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Scandium (Sc) is a high value transition metal that has many industrial applications.  While not rare in the earth's crust, Sc-rich minerals are not often found in economically viable concentrations (rarely exceeding a couple hundred ppm), which makes Sc expensive to extract, thus limiting its commercial application.  Currently, there are no known economically viable, large-scale primary Sc deposits in the US or Europe.  Instead, Sc is produced from wastes that are generated during rare earth, aluminum, titanium, nickel, zinc, tungsten, and uranium refining or in secondary wastes from coal mining and combustion where Sc concentration levels are in the parts per million.  For example, coal/coal combustion byproducts (CCP) contain an average Sc concentration of 36-70 ppm along with up to 1000 ppm rare earth elements (REEs).  Since Sc is trivalent in nature and behave like some sought-after REEs, there are challenges to extracting valuable Sc from industrial waste streams that are effectively valueless.  The forms of waste are usually aqueous and contain Sc plus mixed REEs (lanthanides, Y) as well non-REEs (e.g. Fe, Al, Ca, Mg, Na).  There is a great need for a technological change in economics for Sc extraction; perhaps it could be facilitated by the development of novel methods that can efficiently separate Sc from the chemically similar lanthanides and the abundant non-REEs in an environmentally friendly manner.


The novel technology developed at LLNL is a new, effective means of separating and concentrating Sc from lanthanides and non-REEs in unconventional, waste-derived feedstocks, thereby transforming an essentially valueless solution into valuable Sc concentrates.  The results represent an important advance in the development of an environmentally sustainable alternative to organic solvent-based critical metal recovery approaches. LLNL researchers have developed a biosorption-based approach for the selective recovery of Sc from residue leachates of prepared low-grade industrial feedstocks, including coal/coal byproducts and bauxite residues. Specifically, they developed a cell encapsulation approach whereby Arthrobacter nicotianae (A. nicotianae) bacteria are embedded within a polymer matrix (e.g., Si-sol gel or PEGDA hydrogel) and the resulting microbe particles are loaded into packed-bed columns.  A. nicotianae was used due to its exemplary selectivity for Sc relative to REEs and non-REEs at low pH.  After this biosorption step which selectively recovers Sc, subsequent REE separation from non-REEs can then be implemented downstream.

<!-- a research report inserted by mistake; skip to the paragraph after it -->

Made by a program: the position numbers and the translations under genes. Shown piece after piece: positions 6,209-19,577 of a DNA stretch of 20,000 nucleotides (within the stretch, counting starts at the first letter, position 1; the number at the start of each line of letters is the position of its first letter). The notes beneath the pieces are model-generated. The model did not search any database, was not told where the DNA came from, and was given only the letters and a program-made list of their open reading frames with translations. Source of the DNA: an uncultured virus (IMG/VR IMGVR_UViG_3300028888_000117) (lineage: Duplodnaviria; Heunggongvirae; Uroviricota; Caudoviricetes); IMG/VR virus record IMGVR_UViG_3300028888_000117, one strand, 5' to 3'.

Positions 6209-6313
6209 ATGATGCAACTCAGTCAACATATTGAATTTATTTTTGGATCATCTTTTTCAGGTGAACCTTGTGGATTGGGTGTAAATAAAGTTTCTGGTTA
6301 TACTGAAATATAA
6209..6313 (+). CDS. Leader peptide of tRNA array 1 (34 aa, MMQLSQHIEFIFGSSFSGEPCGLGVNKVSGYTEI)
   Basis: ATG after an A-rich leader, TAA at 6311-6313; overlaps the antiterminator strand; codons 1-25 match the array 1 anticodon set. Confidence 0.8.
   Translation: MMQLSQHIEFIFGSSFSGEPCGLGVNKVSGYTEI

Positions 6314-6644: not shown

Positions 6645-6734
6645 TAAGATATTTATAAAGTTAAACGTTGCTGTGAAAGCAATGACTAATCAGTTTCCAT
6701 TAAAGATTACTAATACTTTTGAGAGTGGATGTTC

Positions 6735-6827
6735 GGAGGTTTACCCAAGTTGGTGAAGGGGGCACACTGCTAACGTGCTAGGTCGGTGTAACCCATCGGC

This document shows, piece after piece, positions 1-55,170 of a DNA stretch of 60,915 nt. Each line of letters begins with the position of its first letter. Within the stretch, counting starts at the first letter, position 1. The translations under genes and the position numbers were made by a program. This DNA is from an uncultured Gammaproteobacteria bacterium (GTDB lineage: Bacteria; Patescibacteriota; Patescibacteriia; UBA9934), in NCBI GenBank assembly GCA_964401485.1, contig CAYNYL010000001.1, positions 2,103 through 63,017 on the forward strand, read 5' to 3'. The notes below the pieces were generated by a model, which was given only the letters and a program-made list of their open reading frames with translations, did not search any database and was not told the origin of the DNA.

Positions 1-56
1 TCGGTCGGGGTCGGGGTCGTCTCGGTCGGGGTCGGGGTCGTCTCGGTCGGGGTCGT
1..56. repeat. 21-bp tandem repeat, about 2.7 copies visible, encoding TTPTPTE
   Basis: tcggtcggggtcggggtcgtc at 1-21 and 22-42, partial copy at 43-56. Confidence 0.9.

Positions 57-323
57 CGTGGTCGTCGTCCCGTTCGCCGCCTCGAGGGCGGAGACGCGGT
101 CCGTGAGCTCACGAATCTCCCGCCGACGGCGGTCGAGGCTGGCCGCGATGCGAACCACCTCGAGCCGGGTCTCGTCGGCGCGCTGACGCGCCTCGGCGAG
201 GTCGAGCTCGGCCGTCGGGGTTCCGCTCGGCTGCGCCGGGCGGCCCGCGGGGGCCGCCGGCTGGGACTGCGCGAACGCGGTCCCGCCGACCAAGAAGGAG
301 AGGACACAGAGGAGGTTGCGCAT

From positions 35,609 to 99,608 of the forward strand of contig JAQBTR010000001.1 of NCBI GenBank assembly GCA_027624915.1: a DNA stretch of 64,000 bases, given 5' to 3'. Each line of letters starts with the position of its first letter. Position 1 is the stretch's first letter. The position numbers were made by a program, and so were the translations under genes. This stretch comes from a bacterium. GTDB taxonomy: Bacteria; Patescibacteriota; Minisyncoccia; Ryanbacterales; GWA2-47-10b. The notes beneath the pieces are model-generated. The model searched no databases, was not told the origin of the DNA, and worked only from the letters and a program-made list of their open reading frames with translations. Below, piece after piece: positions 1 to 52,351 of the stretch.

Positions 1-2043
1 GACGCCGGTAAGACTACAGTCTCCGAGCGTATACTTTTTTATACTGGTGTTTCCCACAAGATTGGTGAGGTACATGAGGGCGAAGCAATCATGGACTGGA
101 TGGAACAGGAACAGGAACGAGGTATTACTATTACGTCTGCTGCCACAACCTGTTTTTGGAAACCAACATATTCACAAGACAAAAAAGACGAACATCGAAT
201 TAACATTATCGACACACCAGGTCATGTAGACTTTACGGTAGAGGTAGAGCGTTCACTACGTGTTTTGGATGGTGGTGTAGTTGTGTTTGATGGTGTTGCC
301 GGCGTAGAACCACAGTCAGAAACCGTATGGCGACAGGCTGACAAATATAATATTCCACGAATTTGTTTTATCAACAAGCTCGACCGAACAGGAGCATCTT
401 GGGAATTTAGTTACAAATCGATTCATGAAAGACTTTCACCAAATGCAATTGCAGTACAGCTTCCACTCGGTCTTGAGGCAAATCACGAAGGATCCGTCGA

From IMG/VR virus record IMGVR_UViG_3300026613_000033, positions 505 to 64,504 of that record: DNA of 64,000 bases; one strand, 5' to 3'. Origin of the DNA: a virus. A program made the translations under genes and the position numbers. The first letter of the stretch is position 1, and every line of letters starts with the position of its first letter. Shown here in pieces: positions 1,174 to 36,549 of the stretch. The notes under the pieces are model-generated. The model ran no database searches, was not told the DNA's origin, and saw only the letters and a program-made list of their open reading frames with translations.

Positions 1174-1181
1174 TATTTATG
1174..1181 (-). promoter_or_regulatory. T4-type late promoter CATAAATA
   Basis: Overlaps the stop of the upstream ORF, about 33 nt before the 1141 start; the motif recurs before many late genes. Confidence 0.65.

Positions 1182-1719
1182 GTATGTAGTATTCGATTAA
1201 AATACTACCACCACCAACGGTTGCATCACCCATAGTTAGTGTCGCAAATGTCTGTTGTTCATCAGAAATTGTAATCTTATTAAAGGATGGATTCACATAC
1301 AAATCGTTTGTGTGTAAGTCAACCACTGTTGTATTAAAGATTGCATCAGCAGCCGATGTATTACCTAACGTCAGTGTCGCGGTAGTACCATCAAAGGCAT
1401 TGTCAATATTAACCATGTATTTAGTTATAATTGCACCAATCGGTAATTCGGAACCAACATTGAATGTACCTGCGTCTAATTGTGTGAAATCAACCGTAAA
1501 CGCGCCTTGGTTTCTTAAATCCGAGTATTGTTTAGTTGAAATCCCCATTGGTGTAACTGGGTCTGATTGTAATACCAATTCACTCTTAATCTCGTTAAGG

Dong Z, Deblonde G, Middleton A, Hu D, Dohnalkova A, Kovarik L, Qafoku O, Shutthanandan V, Jin H, Hsu-Kim H, Theaker N, Jiao Y, Park D. Microbe-Encapsulated Silica Gel Biosorbents for Selective Extraction of Scandium from Coal Byproducts. Environ Sci Technol. 2021 May 4;55(9):6320-6328. (

  • Cost-effective and environmentally sustainable solid liquid extraction (SLE) approach to Sc and REE recovery from dilute solutions.
  • One-step separation of Sc from physiochemically similar REEs
  • Downstream separation of REEs from non-REEs in subsequent extraction step.
  • Extraordinarily effective extraction. This is due to microorganisms’ synthesis and display of high-density surface-accessible functional groups (e.g., carboxylates and phosphates) during growth, facilitating high-capacity Sc adsorption.
  • Bio-adsorbed Sc and REEs can be readily recovered using water-soluble environmentally sound organic acids such as citrate or by lowering the pH.
  • Biomass can be reused, independent of cell viability.
  • Promising results even with complex sample matrices such as leachates from NdFeB hard disk drive magnets, mine tailings, and coal byproducts.
Potential Applications

Sc extraction from aqueous waste streams ranging from mine tailings to coal byproducts.

Development Status

Current stage of technology development:  TRL 2


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